Two weeks ago I had a chance to attend and present at the yearly Global Plastics Environmental Conference (GPEC) in Atlanta, Georgia, USA, organized by SPE’s Plastics Environmental Division. The level of serious technical discussion was high, and the attendees were full of expert knowledge about all the sustainability issues plastics makers and users are facing. The deep questions posed by the audience after each presentation showed the complexity of plastics’ environmental issues.
Also on display were numerous ways in which companies are trying to shrink the environmental footprint of plastic packaging. Here recycling was still the main focus, relative to bio-based/biodegradable innovations.
Plastics’ share of recycled packaging materials is increasing, but even with greater volumes of material, recycling rates remain relatively low (in the USA, at least). So there’s great pressure on makers and retailers that create and use packaging -- so much pressure that at least one high-end “green” grocer is asking some suppliers to switch from plastic packaging back to glass, in response to some customers’ dislike of plastic.
This was reported in a GPEC plenary speech by Craig Cookson, Director of Sustainability & Recycling for the Plastics Division of the American Chemistry Council (ACC). He added that the ACC is trying to get the retailer to understand and explain the advantages of plastic packaging to customers -- its lower energy consumption in production, low density, unbreakable durability, recyclability (though sometimes limited), and so forth.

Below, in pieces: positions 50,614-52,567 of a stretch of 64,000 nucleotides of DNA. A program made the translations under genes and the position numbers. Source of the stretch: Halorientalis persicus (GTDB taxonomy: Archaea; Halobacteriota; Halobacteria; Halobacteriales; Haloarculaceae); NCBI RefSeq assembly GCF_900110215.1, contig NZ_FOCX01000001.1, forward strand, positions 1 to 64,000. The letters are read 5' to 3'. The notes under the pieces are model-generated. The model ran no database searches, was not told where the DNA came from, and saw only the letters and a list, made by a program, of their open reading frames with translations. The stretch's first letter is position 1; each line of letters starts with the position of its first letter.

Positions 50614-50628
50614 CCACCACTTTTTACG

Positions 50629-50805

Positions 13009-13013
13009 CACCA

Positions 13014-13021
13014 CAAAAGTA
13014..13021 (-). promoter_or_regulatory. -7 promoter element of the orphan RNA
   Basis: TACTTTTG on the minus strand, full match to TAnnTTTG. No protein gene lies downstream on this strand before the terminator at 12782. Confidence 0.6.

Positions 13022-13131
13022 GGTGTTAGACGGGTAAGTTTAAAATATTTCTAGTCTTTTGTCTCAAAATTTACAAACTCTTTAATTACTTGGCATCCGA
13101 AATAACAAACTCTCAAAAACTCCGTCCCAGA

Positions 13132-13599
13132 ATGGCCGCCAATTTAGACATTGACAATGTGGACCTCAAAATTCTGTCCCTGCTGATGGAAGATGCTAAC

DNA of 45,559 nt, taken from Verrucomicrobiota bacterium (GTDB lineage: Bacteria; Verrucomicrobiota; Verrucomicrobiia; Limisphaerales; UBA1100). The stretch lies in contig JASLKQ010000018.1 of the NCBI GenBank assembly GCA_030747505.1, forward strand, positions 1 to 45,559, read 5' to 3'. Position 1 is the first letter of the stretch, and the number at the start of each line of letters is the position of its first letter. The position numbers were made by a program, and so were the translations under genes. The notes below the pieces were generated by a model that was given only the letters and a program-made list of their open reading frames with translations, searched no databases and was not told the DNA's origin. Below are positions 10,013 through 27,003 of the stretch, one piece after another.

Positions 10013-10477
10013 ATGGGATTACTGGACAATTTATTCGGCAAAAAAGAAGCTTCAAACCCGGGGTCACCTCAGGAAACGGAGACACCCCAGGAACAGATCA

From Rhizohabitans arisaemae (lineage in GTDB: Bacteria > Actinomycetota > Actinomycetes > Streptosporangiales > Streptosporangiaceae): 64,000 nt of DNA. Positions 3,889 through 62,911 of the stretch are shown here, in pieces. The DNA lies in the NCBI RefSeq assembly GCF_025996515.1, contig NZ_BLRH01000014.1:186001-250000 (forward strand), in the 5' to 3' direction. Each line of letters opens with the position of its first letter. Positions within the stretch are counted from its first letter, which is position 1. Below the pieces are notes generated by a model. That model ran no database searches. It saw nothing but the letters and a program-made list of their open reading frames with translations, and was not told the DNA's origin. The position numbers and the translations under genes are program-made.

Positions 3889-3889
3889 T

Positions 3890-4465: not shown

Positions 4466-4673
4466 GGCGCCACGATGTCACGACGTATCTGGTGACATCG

Later at the conference it was shown that recyclability and recycled-content go hand-in-hand. GPEC’s Environmental Stewardship Award-winning companies in the USA this year mostly dealt with recycling plastic packaging. Here’s a quick run-down about some of the winners:
- BD (Becton, Dickinson and Company) in New Jersey, for a program that recovers used medical plastics, such as vials, for recycling back into non-medical applications;
- Futuris Automotive Interiors (US) Inc. in Michigan, for developing “a moldable, tufted PET carpet” made with post-consumer PET;
- Axion International in New Jersey, for incorporating recovered polyolefins into structural composite materials for use in bridges, railroad ties, and other structures; and
- Lehigh Technologies in Georgia, which turns rubber from discarded automobile tires into micronized powders that can be used as fillers in plastics and new tires.
At the end of his award acceptance speech, Lehigh CEO Alan Barton made his view clear about the importance of recycling, in comparison with incineration and energy recovery, simply stating: “Burning plastics is not an option.” But more about this issue next time.
Mike Tolinski is the author of Plastics and Sustainability, published in Oct. 2011 by Wiley-Scrivener, and he is Contributing Editor for Plastics Engineering magazine from the Society of Plastics Engineers in the USA. His views have been shaped by his engineering, university, and journalism experience in the plastics and manufacturing industries over the past 21 years.